On World Water Day, we held our first legislator webinar in a series of three focused on Colorado’s watersheds. More than 130 legislators, staff/aids, and informed members of the public attended the live session. We were delighted to host expert panelists including Speaker of the House of Representatives Alec Garnett, Director of Colorado’s Department of Natural Resources Dan Gibbs, Deputy Director of Water Resources for City of Greeley Adam Jokerst, and our very own Western Rivers Regional Program Manager Abby Burk. Each panelist spoke to the importance of Colorado’s watersheds—from funding support, to statewide challenges like wildfires and their impacts on water and communities, to mitigating solutions and paving the way forward. Here’s a recap of the discussion and what you need to know to support Colorado’s watersheds. A recording of the webinar is included at the end.
As a state, we are fortunate to have increasing support and similar values in the protection of our water resources. Speaker of the House, Alec Garnett, reports “Colorado legislature is really going above and beyond to make sure that we are helping people across the state in every region meet the needs, meet the moment that we are seeing right now.” Speaker Garnett highlighted his observation of the increasing prioritization of our watersheds in his eight years at the state legislature. In 2021, the legislature invested $70 million to support wildfire and flood mitigation— and it doesn’t end here. This level of prioritization is persisting into 2022 as well. With the influx of federal funding through the American Rescue Plan Act and additional resources, the legislature is hoping to surpass its 2021 investment.
In the last two years, Colorado’s fire history has made devastating and groundbreaking records. Our two largest fires by acreage, Cameron Peak (208,913 acres) and East Troublesome (193,812 acres), burned in tandem in late 2020, and our most destructive fire yet, the Marshall fire followed in late 2021. According to Director of Colorado’s Department of Natural Resources and certified wildland firefighter Dan Gibbs, “We are in the age of megafires—fires that are over 100,000 acres. The 2020 fire season was a great reminder for Colorado that we are one lightning strike away, one unattended campfire, and frankly one more drought season, as a result [of] climate change, away from Colorado’s next megafire. So, we really need to be prepared as a state.”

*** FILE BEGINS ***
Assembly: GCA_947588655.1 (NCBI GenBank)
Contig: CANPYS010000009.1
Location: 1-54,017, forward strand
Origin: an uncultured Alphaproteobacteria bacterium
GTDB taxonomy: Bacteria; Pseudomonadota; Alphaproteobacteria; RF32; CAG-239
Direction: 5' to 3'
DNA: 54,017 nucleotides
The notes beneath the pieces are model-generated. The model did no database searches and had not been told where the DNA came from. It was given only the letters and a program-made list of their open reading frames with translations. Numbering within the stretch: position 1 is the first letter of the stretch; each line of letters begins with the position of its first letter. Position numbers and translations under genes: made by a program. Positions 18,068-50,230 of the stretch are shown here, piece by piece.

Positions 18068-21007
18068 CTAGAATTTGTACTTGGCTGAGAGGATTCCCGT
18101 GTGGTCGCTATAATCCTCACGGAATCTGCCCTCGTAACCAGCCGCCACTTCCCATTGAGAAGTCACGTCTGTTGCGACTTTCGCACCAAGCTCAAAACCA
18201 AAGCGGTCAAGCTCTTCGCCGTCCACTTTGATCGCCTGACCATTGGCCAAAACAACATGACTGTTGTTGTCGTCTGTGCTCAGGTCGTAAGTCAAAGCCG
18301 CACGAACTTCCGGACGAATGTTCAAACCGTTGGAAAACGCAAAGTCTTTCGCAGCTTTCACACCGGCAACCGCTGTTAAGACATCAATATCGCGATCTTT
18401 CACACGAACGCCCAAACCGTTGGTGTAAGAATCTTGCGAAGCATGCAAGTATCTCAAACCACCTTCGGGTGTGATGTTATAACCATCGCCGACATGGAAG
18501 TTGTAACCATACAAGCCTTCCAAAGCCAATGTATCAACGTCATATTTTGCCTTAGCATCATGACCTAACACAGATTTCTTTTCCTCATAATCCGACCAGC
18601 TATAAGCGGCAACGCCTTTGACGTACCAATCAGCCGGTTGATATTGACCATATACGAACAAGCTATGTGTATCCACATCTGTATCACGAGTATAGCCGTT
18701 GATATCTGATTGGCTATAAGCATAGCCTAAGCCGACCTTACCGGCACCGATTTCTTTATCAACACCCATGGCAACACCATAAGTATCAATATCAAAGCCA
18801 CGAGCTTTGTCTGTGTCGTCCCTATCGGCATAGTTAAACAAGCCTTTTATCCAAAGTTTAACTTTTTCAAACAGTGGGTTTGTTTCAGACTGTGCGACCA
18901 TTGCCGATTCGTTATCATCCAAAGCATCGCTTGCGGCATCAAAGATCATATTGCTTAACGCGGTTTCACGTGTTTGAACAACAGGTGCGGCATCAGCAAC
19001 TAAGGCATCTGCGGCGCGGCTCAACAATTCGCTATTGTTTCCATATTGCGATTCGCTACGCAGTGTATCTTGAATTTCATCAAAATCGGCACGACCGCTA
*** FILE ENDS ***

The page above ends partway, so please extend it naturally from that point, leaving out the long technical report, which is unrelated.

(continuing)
In Colorado, wildfires are not just a part of our history, but our present and future, too. The detrimental impacts of wildfires are far-reaching and long-lasting. The smoke impacts regional air quality and the fires burn vegetation critical for ecosystems, birds, and wildlife. This, in turn, severely affects water quality. Burn areas are unable to retain moisture effectively which leads to numerous issues, most notably flash flooding and debris flows. These are just a few high-level examples of the impact wildfires have on our environment, communities, birds, and wildlife.
Colorado’s water resources face significant challenges and its supply is threatened by climate change. Forested watersheds are the source of 80 percent of Colorado’s drinking water. In the age of megafires, our watersheds and water supplies are at risk. Did you know that water treatment plants are unable to treat runoff from burn scars? Following the Cameron Peak fire, the City of Greeley had to turn off its main water supply for more than 40 days due to ash and debris contamination. Deputy Director of Water Resources Adam Jokerst provided a detailed overview of the impacts of the Cameron Peak fire on Greeley’s water supply in addition to the many mitigation and recovery efforts. “We have a long way to go but we’re optimistic that we can repair this watershed and avoid disasters imminent from this post-fire landscape.”
Director Dan Gibbs spoke to the importance of substantially increasing Colorado’s wildfire risk mitigation programs. That is, investing in our natural infrastructure (i.e., forests) and human infrastructure (i.e., private landowners, all scales of government agencies, etc.), identifying mutual priorities to build stewardship and collaboration, and ensuring widespread fire smart land-use planning and local business codes. Colorado has been working tremendously hard to build more fire resilient communities and watersheds, however, there’s still more work to be done.
Watershed protection, wildfire mitigation, and recovery efforts can come with substantial and hefty price tags. The more we can do on the front end to prevent wildfires and impacts on our watersheds, the more all of Colorado will thrive. Fortunately, there are numerous low-tech and affordable mitigation strategies that provide win-win solutions. Both Adam Jokerst and Abby Burk spoke to these in an effort to elevate affordable and complementary nature-based solutions.
With the influx of federal and state funding, widespread support is needed more than ever to protect our water resources. We urgently need to scale up our resilience to climate change—in pre-wildfire preparedness, post-wildfire recovery, and in both drought and flood. “Collectively as a state from residents to decision-makers, we need to lean in, learn more, and participate in the decisions around our water resources. The decisions we make about water, watersheds, and river health impact all of Colorado,” said Abby Burk. “All of us depend on natural systems for clean and reliable water. When we invest in the health of Colorado’s watersheds and rivers, we invest in our resilience to climate change.”